Monday, April 9, 2012

is the Bible just like any other book?

Or are there distinctively Christian ways of reading Scripture?

Todd Billings thinks so. His book is a great introduction to the theological interpretation of Scripture. According to Billings, "Something much bigger is going on in receiving, understanding, and believing the word of God than human linguistic understanding" (3). Later he explains, "Through Scripture, the Spirit addresses all of God's people, not just the original hearers" (61). Not only are we addressed, but we are invited to participate in the drama of God's action in the world. The process of interpreting Scripture is not complete until we are changed. He says, "Revelation brings not only knowledge of God but fellowship in and with the triune God, a saving fellowship that transforms believers ever deeper into Christ's image as Christ's body" (198). This fellowship extends not just vertically (with God), but also horizontally, as we are formed into a community of God-followers. This community transcends space and time, as we join those who have read Scripture in the centuries before us and in cultures around the world. Together we are transformed.

In answer to our opening question, Billings concludes, "While there are important practices of reading that apply to nonbiblical books as well as to Scripture, ultimately we should not read Scripture as we read other books. We should read it in prayer, memorize it, speak and sing it with the congregation in worship—worship that delights in telling and tasting the story of God's saving work in Christ, accessed through Scripture. We should come to Scripture, as we do to worship, with an expectation of meeting the mysterious triune God, with the prayer that we would grow in our love of God and our neighbor—becoming more like Jesus Christ" (224, emphasis mine).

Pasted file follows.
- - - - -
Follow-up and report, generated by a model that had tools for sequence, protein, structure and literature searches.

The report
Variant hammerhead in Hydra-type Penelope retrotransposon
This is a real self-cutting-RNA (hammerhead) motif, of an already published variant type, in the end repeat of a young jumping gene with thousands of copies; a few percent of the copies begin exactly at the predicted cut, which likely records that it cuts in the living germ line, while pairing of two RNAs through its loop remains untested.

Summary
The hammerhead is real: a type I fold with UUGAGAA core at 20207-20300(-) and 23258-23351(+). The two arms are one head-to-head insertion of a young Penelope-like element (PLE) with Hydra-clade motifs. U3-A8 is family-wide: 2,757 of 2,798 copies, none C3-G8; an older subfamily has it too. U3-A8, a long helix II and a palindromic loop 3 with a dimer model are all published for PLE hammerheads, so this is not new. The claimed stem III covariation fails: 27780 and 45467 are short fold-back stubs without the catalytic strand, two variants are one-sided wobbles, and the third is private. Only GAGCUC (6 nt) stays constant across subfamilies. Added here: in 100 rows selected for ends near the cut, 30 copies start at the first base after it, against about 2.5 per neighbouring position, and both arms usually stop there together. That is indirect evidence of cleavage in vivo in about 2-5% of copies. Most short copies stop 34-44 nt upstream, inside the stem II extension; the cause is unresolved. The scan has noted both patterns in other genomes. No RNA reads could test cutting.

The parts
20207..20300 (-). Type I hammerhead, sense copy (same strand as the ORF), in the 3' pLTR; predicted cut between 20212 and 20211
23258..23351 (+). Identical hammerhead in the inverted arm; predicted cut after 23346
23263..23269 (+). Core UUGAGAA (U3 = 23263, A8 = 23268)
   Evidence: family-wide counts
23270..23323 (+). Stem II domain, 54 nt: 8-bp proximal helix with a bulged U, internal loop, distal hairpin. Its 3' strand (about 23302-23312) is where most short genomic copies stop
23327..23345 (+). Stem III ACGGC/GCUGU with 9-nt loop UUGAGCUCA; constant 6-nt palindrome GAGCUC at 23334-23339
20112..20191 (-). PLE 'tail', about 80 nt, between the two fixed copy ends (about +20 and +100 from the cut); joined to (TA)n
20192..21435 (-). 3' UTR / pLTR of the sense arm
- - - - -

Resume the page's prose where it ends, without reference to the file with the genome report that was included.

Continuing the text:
Billings was here on Wheaton's campus in December serving as the outside reader for the dissertation defense of a fellow student. I'm glad to have had an opportunity to read his book. His vision of the promise of theological interpretation is coherent, compelling, and accessible to a wide range of readers. If you've been wondering what it should look like when Christians read the Bible, this book is for you!

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